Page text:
Are US politics starting to turn towards a more hopeful future? | Gary Gerstle

Last week was amazing for Joe Biden. The Red Wave fizzled. The Democrats kept the Senate. Even if the House slips from the Democrats’ grasp, as it is expected to, Biden will be credited with engineering the strongest midterm showing by an incumbent president’s party since 2002, and the most impressive such performance by a sitting Democratic president since JFK in 1962. Women’s anger at the supreme court’s Dobbs decision hammered the Republicans in key states. Many of Trump’s highest-flying, election-denying candidates fell to earth, damaging the ex-president’s aura of invincibility. Fights and recriminations have now broken out everywhere in Republican ranks.

And there’s more from last week to bring a smile to Biden’s face: inflation moderated, the Dow rocketed skyward, and Ukrainians pushed the Russians out of Kherson, a big win not just for Ukraine but for Biden’s European foreign policy. And, oh yes, in America, young people – the country’s future – came out in relatively large numbers and, in critical contests, broke for the Democrats in a big way.

And yet, what did this past week of exceptional political success yield for Biden and Democrats? Their majority in the Senate is still razor-thin. If they lose the House, their already narrow path to passing legislation will shrink further. House Republicans are likely to use a new House majority to flood media with an investigation of Hunter Biden and other vulnerable Democratic party figures – payback for the January 6 hearings. Even the most impressively conceived legislative proposals coming from the White House may be greeted with House Republican intransigence.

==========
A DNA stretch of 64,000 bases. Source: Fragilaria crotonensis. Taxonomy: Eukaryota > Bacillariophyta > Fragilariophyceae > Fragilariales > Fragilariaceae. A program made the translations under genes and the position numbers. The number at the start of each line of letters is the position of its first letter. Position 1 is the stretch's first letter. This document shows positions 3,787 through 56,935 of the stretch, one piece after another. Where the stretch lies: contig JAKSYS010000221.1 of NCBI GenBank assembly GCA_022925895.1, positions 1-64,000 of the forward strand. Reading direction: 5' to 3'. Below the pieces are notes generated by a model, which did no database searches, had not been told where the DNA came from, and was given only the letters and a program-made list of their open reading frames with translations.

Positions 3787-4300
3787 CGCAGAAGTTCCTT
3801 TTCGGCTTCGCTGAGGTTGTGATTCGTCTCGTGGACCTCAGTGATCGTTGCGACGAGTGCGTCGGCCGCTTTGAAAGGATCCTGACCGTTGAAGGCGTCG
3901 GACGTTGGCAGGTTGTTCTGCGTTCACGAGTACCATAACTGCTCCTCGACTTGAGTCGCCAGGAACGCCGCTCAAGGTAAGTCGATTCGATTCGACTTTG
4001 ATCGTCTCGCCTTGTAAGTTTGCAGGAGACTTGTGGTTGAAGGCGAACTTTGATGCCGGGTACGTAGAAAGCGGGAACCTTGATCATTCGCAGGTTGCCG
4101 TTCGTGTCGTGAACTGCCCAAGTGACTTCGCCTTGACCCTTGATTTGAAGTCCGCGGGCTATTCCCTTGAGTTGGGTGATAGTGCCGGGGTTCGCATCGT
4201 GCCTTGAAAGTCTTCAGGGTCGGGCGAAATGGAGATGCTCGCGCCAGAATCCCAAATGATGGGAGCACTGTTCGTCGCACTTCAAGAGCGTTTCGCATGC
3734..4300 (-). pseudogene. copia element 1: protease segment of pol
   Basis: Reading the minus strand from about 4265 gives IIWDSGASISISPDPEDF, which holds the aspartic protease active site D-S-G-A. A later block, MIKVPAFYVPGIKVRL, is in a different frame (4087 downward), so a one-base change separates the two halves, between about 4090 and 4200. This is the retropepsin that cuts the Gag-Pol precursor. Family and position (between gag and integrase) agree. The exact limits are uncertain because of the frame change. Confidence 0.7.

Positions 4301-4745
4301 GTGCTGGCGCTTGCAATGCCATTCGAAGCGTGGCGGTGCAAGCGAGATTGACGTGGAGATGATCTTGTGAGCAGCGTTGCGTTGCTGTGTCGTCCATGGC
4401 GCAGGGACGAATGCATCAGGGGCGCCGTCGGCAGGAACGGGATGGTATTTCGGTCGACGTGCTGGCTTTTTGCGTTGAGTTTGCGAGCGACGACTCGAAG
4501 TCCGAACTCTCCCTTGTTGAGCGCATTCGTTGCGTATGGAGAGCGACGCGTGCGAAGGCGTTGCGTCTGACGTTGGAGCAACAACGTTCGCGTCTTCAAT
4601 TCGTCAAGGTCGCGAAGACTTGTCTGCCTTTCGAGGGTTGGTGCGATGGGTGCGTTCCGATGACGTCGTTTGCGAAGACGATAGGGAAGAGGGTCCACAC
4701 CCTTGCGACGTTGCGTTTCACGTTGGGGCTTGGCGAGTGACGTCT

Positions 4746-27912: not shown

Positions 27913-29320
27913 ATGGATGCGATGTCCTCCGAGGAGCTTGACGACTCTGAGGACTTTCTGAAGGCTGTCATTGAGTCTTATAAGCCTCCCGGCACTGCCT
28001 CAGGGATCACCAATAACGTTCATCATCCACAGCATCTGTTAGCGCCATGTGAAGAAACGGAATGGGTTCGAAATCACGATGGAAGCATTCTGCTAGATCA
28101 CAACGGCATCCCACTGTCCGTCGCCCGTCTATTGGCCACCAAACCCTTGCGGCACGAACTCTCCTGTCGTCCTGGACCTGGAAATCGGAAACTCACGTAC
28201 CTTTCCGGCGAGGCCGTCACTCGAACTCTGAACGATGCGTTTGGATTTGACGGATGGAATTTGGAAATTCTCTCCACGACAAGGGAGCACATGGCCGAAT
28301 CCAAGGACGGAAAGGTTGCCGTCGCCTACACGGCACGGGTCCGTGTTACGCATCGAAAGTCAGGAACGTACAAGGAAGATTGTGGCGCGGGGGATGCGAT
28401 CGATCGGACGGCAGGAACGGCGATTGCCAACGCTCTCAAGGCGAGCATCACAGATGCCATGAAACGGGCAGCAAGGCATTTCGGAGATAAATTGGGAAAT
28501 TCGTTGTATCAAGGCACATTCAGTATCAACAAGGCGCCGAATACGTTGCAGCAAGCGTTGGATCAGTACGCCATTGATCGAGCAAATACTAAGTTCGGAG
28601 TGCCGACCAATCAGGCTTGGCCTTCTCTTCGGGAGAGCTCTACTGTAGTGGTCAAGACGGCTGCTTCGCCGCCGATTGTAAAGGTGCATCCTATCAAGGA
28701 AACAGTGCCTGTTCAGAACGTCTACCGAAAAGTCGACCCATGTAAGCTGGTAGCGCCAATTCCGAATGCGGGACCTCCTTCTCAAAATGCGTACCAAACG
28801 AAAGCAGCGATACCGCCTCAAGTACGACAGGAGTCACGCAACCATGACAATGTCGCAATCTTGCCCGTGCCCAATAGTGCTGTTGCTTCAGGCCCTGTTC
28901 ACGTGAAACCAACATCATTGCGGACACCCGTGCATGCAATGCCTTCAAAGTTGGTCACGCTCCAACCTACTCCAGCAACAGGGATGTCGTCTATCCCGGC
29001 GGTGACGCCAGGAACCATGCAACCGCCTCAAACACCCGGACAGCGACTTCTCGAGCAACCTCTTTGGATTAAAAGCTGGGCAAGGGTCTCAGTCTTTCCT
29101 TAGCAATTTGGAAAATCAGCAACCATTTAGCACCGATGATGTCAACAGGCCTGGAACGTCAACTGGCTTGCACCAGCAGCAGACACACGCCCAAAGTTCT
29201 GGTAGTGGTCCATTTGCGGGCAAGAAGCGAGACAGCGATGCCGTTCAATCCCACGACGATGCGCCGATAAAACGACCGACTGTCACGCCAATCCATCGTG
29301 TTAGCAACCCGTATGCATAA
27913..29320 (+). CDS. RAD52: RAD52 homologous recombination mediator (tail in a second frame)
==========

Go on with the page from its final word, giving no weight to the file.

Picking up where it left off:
Nevertheless, looking ahead to 2024, there are grounds for optimism, not just that Democrats can win but that they can begin to build bigger and more enduring majorities. Most importantly, three major legislative achievements of the Biden administration to date are likely to have a greater impact on the 2024 election than they did in 2022. The most important of these is the curiously titled Inflation Reduction Act. That bill has not gotten the credit it deserves, in part because of its silly name and in part because it is much smaller than the $5tn Build Back Bill from which it is descended.

Watching that original bill get whittled down and carved up across 2021 and 2022 was not a pretty sight. Yet the final version of the legislation contains truly important initiatives in multiple spheres, nowhere more so than the nearly $400bn appropriated for investments in green technology and for tax breaks and subsidies to businesses and homeowners to convert to clean energy. The bill constitutes the biggest single investment that the federal government has made in a green energy future.

Of nearly equal importance in Biden’s first two years were two other bills: the trillion-dollar Infrastructure Investment and Jobs Act, to improve the nation’s crumbling physical infrastructure; and the Chips Act, to re-shore, in a massive way, the research, design and production of semi-conductor computer chips, those tiny, ubiquitous and indispensable components that drive every computer and virtually all of America’s (and the world’s) machines and phones.